“Almost every Android device is compromised” turns out to be only almost true

"Almost every Android device is compromised" turns out to be only almost true

If the blogosphere is to be believed, a BT security expert recently made an astonishing claim at a North American security event.

Jill Knesek is supposed to have made the observation that:

[BT] analysed more than 1,000 Android applications and found a third compromised with some form of active or dormant malware.

More specifically, she noted that:

Almost every device is compromised with some kind of malware, although often it's not clear if that code is active or what it is doing.

Is that likely?

If one in three apps is infected, and the average device has – what? – ten apps installed, then it doesn’t sound terribly far-fetched that almost every device might be compromised.

But if it’s often not clear whether a device is infected, how can we be so sure that one in three apps really is compromised?

Perhaps the risk is much smaller and more knowable than Knesek suggested?

Emil Protalinski over at ZDNet went to the trouble of asking BT if they really were sure about that “one in three apps are dodgy” claim, and he seems to have received some good news: they aren’t.

So we can all relax:

During a panel discussion at a Net Events conference in Florida last week, a BT employee voiced opinions on malware risks within apps distributed to users of Android-based devices. Those opinions were reflective of information available from public studies. The BT employee also mentioned in passing the existence of some testing done by BT on Android devices. BT has indeed done some testing on both Android and Apple OS environments, but not necessarily on the scale reported by media articles in the last couple of days. BT has not released that information and does not intend to elaborate further on that topic at the moment.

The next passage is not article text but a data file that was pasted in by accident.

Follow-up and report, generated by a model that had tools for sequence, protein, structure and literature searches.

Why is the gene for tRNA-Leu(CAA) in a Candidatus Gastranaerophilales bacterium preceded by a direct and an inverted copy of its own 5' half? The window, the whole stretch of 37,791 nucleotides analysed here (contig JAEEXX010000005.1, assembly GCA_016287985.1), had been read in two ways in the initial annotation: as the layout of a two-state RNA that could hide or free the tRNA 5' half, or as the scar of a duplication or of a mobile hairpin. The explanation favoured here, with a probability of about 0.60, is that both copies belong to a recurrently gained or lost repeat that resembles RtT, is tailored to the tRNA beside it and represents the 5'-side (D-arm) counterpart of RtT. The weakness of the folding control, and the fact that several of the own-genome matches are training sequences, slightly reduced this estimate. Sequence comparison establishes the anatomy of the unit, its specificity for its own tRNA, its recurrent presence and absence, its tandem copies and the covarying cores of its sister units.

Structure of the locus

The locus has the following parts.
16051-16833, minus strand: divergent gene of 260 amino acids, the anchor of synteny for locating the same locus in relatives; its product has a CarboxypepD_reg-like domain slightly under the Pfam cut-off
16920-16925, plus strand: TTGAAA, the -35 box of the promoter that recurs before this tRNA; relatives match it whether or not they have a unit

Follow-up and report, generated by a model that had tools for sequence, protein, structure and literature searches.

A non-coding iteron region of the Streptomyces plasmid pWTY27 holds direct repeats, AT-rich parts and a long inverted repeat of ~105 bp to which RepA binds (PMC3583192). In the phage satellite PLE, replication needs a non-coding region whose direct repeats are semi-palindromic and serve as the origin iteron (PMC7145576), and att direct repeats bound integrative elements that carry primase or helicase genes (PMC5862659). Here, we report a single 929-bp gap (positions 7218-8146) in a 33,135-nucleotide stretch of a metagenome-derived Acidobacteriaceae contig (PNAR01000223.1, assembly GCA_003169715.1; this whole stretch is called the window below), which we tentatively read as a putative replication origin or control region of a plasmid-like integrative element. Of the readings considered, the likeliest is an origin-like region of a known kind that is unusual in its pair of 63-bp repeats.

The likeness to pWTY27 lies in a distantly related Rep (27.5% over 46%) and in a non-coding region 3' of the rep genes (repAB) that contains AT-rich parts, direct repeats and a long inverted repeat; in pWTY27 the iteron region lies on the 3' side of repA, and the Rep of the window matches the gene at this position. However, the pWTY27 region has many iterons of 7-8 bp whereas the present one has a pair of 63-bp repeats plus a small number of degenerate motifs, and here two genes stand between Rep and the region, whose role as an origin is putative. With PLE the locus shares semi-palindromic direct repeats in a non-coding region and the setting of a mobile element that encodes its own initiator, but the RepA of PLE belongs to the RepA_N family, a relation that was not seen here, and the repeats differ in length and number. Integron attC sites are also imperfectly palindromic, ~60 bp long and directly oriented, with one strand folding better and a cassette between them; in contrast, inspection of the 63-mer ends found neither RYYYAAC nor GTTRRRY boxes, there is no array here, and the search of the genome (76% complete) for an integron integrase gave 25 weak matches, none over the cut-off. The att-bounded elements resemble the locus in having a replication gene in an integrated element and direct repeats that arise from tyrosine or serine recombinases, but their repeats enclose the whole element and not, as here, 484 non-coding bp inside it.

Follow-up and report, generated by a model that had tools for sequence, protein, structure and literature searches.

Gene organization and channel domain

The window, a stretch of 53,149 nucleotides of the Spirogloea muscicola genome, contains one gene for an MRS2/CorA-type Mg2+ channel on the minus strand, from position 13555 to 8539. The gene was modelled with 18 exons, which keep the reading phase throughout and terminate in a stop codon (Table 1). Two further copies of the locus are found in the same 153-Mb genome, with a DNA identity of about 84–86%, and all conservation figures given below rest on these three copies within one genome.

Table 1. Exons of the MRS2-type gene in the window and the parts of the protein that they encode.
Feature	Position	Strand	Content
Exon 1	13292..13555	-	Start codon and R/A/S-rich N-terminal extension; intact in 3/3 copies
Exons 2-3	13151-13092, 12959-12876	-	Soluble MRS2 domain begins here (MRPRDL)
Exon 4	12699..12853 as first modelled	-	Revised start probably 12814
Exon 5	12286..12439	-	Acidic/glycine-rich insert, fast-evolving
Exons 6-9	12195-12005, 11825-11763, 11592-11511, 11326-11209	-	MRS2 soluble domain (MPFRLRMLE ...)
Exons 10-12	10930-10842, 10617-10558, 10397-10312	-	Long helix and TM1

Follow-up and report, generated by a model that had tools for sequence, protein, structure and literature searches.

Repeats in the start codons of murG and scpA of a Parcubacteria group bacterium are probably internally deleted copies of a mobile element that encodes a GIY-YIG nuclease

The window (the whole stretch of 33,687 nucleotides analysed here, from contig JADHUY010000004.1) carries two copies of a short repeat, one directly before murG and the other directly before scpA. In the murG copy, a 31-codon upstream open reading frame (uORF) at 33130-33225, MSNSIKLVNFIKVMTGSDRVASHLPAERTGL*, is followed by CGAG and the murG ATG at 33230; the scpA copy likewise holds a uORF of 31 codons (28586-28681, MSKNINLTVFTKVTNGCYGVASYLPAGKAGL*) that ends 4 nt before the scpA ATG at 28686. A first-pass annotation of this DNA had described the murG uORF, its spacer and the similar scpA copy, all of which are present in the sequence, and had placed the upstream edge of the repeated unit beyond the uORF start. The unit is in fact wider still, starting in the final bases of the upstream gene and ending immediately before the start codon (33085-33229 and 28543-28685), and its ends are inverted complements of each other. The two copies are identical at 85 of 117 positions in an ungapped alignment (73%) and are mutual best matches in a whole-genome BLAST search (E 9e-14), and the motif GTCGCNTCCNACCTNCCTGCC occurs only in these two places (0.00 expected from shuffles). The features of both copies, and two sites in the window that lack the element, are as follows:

The anti-malware industry cops enough flak – we write all the viruses, remember? – without this sort of misinformation. Knesek may well be “an employee” – but according to BT’s Secure Thinking blog, she’s also the Chief Security Officer of BT Global Services.

Android malware is on the increase, and it is a threat to keep in mind. But the sky is not falling. There are plenty of legitimate apps for the Android platform, and plenty of trustworthy developers in the vibrant coding community which has grown up around it.

If you’re an Android user and you’re worried about malware:

* Stick to the official Google Play Store. (Google doesn’t do a perfect job of keeping dodgy apps out – but a company that is smart enough to bring you Google Maps is unlikely to let one third of its officially-sanctioned apps get infected without noticing!)

* Stick to apps which have a positive history and a decent rating. (Crooks can and do play games with online clicks – click fraud is part of the business model for cybercriminals – but it’s tricky to sustain a good rating for a dodgy app once someone’s blown the whistle on you.)

* Consider using an anti-malware solution on your Android device. (Yes, Sophos just happens to have an Android anti-virus. Yes, it’s free. Yes, it scans newly-installed apps before you use them. Yes, it’s great. Yes, I would say that. Yes, it’s in the Play Store. Simply head there and search for “Sophos”.)

As Douglas Adams said, “Don’t panic.”